Phyletisches Museum: Founded by Ernst Haeckel, the Phyletische Museum is a globally unique institution. It is not just a natural history museum, but has been, from the start, a place dedicated to illustrating the development of life. It focuses on phylogeny and evolution theory, and it also celebrates the meeting of art and nature. 

Stadtmuseum "Göhre": Since the 13th century, the City Museum has been a residential building, a mill and a wine restaurant. Today it houses the Jena Art Collection and a gallery of modern art. The development of the city of Jena is depicted over multiple floors beginning with the founding of the town and also includes information on the geology of the central Saale Valley, as well as special features such as the Seven Wonders of Jena and a walk-in planetarium from the 17th century. Other exhibits include documents on the foundation of Jena University and the Jena Lutheran Bible.

City Church St. Michael: The Protestant town church of St. Michael in Jena has been the center of ecclesiastical life of the city for over 750 years. It invites to worship services - usually on Sundays at 10 am 6 pm - times of prayer and silence as well as to church music events. St. Michael is located in the city center and shapes the cityscape. It also contains the original tombstone of church reformer Martin Luther.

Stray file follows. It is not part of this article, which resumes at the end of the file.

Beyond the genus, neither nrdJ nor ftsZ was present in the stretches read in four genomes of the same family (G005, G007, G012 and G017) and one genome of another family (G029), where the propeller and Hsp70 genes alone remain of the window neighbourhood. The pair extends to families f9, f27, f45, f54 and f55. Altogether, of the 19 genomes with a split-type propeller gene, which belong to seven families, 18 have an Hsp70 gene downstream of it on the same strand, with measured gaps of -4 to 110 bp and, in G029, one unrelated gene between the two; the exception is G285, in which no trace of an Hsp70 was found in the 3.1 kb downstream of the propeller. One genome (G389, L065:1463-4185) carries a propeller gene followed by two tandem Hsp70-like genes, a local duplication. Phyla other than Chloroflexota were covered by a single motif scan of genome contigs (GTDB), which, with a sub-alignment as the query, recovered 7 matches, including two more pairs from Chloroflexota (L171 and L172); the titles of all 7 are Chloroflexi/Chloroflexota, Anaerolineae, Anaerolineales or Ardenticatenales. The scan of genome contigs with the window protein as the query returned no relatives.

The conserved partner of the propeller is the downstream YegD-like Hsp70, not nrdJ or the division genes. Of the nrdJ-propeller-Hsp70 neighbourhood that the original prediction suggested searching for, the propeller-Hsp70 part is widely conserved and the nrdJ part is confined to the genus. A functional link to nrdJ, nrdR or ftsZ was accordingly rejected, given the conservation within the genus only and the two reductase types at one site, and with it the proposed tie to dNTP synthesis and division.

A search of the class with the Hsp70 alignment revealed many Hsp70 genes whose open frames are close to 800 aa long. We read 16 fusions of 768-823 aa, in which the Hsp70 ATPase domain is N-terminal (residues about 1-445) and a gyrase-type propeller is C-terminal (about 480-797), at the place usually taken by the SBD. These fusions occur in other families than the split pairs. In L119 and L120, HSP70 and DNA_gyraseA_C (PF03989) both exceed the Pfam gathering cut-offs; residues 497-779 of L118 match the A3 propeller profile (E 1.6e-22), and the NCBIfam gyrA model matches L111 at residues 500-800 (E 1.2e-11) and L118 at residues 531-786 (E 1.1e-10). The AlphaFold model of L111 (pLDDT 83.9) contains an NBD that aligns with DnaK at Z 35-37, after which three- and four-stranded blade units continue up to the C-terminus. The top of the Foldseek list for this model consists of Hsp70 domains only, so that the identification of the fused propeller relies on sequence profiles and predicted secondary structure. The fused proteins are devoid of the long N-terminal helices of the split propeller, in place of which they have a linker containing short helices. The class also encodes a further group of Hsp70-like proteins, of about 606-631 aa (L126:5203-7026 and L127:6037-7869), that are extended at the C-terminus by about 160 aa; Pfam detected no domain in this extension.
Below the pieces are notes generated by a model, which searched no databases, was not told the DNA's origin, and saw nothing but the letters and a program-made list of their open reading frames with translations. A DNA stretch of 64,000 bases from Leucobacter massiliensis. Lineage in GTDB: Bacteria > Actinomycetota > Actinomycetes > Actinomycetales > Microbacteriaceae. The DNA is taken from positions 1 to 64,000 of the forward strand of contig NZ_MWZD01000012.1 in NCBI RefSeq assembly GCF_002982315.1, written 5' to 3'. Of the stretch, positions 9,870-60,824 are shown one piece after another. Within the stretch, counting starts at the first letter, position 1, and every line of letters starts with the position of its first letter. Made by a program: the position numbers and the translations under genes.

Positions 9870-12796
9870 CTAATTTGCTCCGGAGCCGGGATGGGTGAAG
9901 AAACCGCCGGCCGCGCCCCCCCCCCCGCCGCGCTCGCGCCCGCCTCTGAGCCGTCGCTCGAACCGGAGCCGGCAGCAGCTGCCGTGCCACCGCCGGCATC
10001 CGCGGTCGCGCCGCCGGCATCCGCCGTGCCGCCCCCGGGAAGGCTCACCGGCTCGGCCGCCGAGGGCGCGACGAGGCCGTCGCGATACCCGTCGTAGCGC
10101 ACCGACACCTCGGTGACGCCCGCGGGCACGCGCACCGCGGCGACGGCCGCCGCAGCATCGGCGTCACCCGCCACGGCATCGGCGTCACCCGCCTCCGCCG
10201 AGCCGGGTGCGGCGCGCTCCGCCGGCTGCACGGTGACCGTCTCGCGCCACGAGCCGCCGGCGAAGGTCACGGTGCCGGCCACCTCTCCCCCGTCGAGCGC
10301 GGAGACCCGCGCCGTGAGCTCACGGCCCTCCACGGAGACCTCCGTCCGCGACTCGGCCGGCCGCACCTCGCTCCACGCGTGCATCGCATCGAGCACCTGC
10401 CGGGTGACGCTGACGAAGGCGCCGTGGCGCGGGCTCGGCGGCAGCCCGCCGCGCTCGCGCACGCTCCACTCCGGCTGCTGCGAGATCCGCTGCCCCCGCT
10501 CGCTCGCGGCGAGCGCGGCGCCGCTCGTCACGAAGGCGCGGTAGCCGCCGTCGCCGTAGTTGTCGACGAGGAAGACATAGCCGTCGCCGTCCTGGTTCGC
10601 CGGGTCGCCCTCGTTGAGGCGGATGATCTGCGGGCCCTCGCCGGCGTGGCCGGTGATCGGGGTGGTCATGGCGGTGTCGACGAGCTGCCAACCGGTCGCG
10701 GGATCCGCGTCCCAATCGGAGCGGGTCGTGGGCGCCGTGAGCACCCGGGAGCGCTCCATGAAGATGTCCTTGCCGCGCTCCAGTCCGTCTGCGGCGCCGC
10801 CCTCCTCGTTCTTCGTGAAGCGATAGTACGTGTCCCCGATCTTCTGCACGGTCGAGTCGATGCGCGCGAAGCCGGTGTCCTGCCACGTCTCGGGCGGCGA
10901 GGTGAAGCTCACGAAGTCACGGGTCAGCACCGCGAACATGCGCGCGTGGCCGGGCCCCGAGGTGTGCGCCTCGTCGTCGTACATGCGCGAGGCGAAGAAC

Imaginata: The Imaginata is an "experimentarium" for the senses. It promotes the inventive spirit, imagination and creativity. Together with more than 100 sometimes walk-in experiments in the Stations Park and the Imaginata theatre, there are also exhibitions and workshops for all who want to have a try – be they children or adults.